In lecturing to many different groups of health professionals, I find that there is a new, attitude on the horizon. Most traditionally trained health professionals are trained to understand the disease and the pharmacological approach to treating disease. We could call this “prescription pad medicine.”
However, the trend of consumers who use alternative therapies, such as acupuncture, chiropractic care, massage, vitamins and minerals has been steadily rising. In turn, many traditional physicians find that they must keep up with this trend, so that they may understand how these non-traditional therapies may impact their patients.
Health professionals accept the idea of “nutritional medicine” and the diet-disease connection in a peripheral sort of way. We know that increased fruit and vegetable intake lowers the risk of cancer. The new attitude I am finding is that there is more of a trend to learn and accept alternative therapies.
When I teach medical students in my office, I tell them that those we are willing to learn and accept certain non-traditional treatments, will be sought after by patients and offer a great service to their patients. Those that choose to remain close-minded will be left behind in this rapidly changing world.
It is not to say that non-traditional therapies are not without risks and certainly we know that they are not the cure for many diseases. Our role as a traditional physician or nurse is to understand a little more than our patients and be able to support or redirect them when we feel a non-traditional therapy is not worthwhile. However, to throw out the possibility of ever using alternative or complementary medicine, would be throwing away the possibility of helping certain diseases or maybe just making the patient feel better.
Remember, our first job is “to do no harm” and if we live by that standard, we should be able to “do more good.”
In speaking to my fellow pediatricians, we must recognize where we have been and where we may be going. Where we have been includes:
- Folate was first recognized in the medical literature as preventing neural tube defects in infants when given to pregnant mothers in the 1960’s. It was not until 1992 that the U.S. Public Health Department recommended that folate be given to all women who may become pregnant and who are pregnant.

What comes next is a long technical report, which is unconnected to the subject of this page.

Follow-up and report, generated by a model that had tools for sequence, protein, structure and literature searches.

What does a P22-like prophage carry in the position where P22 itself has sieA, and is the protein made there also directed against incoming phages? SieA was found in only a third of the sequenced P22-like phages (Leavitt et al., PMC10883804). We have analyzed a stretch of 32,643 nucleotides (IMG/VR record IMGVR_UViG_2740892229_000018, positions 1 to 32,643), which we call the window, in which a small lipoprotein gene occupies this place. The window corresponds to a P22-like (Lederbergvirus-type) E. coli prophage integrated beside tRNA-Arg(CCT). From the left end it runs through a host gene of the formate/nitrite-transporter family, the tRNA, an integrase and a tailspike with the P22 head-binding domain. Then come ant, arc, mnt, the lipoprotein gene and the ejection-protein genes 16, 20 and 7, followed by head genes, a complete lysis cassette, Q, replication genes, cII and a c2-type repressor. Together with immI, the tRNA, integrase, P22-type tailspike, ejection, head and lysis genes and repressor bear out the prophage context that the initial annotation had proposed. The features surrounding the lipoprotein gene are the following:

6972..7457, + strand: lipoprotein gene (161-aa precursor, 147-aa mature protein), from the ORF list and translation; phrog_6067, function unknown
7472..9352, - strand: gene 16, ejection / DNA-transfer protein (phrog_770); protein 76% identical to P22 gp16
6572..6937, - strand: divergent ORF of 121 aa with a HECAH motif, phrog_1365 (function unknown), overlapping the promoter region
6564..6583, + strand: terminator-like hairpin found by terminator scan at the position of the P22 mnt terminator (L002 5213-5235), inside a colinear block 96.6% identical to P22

- In the 1950’s, pediatricians took to the baby formulas as the best nutrition for infants. We certainly now all understand the tremendous health benefits of breast milk and support the American Academy of Pediatrics position on strongly urging women to breastfeed.
And where we may be going?
- The fatty acid, DHA (docosahexanoic acid) was recognized as being important for infant brain development and the Food and Agriculture Organization and The World Health Organization Joint Expert Committee in 1994. At that time, they recommended that all infant formulas include DHA. DHA was added to infant formulas around the world (over 60 countries by 2001).
In 2001, the FDA completed a favorable review of Martek’s Generally Recognized as Safe (GRAS) notification regarding the use of its DHA and AA (arachidonic acid) oil blend in infant formulas for the U.S. Now in 2002, companies have now launched infant formulas supplemented with DHA and AA (Mead-Johnson, Lipil®) http://www.enfamil.com/lipil/ and Beech-Nut has introduced the first baby food line, First Advantage®, supplemented with these important fats. To learn more about these fats, see my essential fatty acids page.
- Mercury may be the next lurking toxin that will receive more attention in the pediatric literature. Mercury clearly affects the nervous system and public awareness of sources of mercury needs to be raised. I still find that many pregnant women have not heard the FDA recommendations to limit fish intake during pregnancy and breastfeeding to protect their developing infant from the possible devastating effects of this toxin.
Issues in the area of environmental toxins and its affect on our pediatric population and simple nutritional strategies and supplementation to decrease risks of disease need to continue to be researched and brought to the attention of those taking care of our young children. I challenge you to think of “nutritional pharmacology” and prescribe dietary interventions and lifestyle changes as freely as we prescribe antibiotics. The proper balance of “prescription pad medicine” and “nutritional medicine” in the right doses could do a world of difference.